Single Digit Addition and Subtraction
Teacher Goal:
Compute basic addition facts and the related subtraction facts using strategies.
After receiving a University Degree in Education, one would assume that they would be prepared to teach simple addition and subtraction to 6 year olds. However, frustrational levels may arise when students are unable to grasp such a “simple” concept. Teachers must learn how students think and be able to use student responses to guide their instruction.
Teacher Strategies
There are many strategies that can be used to help students discover the relationships between numbers. Students are capable of inventing their own strategies to solve different problem types. There are different levels students travel through as they develop understanding of the different concepts. The first level is the use of direct modeling using manipulatives and pictures of physical objects. Direct modeling is the use of these physical objects to show the action and relationships of the numbers in various problems. As understanding develops, students eliminate the need for direct modeling and invent more efficient strategies. These strategies may include counting on and counting down using number lines or finger counting. Once students have a more complete understanding of the concepts, they will replace these strategies with number facts (Bahr, 2010).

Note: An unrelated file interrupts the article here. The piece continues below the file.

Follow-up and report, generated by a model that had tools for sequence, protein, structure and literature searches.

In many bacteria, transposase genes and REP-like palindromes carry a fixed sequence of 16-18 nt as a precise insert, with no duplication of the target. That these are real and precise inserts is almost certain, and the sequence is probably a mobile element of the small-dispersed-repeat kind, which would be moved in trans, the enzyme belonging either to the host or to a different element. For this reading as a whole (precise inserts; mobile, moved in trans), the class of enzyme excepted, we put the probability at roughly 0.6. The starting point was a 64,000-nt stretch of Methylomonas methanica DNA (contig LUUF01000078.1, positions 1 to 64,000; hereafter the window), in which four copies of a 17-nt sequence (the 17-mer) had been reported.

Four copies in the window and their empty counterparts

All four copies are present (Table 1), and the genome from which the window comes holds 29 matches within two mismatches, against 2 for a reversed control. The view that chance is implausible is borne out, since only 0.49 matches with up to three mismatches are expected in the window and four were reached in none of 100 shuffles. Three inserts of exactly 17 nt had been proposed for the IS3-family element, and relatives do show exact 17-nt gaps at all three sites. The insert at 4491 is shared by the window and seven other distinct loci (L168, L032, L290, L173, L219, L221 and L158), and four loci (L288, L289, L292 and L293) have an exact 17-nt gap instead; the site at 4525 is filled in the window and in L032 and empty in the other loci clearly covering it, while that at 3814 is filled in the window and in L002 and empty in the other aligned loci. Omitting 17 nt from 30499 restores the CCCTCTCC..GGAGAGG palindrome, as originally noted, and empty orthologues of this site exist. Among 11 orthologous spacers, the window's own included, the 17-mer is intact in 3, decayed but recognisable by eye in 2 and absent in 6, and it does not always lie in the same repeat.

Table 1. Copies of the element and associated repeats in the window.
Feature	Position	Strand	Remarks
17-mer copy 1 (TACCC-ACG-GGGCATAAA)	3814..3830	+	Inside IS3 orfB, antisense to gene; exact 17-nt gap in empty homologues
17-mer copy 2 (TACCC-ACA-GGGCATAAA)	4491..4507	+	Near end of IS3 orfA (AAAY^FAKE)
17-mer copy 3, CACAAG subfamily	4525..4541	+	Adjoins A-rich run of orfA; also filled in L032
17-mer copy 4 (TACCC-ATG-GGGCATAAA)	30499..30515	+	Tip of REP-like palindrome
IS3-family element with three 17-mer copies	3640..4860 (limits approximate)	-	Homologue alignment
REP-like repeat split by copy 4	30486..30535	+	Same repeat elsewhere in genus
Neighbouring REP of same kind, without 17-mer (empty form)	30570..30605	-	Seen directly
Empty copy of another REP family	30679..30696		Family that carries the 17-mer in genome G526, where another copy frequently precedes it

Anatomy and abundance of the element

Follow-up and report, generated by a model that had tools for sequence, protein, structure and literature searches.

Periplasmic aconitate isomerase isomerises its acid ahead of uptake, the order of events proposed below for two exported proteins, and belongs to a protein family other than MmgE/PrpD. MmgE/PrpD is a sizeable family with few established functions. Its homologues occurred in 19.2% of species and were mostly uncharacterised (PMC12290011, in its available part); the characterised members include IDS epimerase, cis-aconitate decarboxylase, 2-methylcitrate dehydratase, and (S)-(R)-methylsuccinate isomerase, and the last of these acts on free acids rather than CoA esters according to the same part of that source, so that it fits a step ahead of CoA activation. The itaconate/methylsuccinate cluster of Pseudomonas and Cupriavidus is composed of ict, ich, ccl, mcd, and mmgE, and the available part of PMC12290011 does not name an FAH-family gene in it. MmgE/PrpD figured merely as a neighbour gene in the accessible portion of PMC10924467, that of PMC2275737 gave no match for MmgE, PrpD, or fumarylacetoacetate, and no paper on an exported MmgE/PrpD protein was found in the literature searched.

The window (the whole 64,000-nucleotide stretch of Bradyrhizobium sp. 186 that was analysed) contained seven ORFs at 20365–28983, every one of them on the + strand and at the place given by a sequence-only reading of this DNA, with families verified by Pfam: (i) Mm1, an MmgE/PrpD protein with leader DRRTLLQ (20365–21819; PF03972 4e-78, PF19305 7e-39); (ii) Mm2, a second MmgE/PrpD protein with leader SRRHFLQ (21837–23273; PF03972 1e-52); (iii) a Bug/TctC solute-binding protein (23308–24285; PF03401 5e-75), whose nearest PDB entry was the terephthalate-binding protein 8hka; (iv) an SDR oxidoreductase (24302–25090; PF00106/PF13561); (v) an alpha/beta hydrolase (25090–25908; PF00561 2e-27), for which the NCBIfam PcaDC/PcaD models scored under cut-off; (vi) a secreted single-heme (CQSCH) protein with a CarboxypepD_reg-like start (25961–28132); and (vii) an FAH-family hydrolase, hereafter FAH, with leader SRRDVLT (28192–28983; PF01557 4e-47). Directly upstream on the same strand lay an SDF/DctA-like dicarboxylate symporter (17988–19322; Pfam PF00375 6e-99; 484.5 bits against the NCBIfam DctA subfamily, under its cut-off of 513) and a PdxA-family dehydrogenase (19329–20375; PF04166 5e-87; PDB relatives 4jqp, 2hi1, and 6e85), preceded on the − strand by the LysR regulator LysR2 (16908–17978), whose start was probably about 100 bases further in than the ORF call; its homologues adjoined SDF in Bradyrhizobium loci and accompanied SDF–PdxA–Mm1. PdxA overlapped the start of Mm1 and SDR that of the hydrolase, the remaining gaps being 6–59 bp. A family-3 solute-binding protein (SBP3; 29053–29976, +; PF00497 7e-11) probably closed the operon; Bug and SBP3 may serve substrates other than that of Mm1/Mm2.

Direct Modeling –> Counting –> Number Facts
Direct Modeling Strategies 
Counting Strategies 
Joining All Joining To Trial And Error Separating From Matching 
Counting On Counting On To Counting Down Separating From Matching

Direct Modeling Manipulatives
Counting Strategies
Instruction
When planning instruction, the teacher needs to define the number range each student works in. This can be found by presenting the students with different types of problems and number ranges. For example, when given the problem 5+2=7, the student may use number facts, but when given a problem such as 8+9=17, the student may revert back to direct modeling or counting strategies. Teachers can then use this information in developing the types of problems to guide instruction. The different types of problems are shown below. Number ranges can be adjusted to the students needs.
Join 

Result Unknown 
Change Unknown 
Start Unknown 

Joy has (3, 4, 7) flowers for her bouquet. Alice gave her (5, 8, 9) more flowers. How many flowers does she have altogether? 3 + 5 = _(semantic) 4 + 8 = _ 7 + 9 = _ 3 + 5 = _(computational) 4 + 8 = _ 7 + 9 = _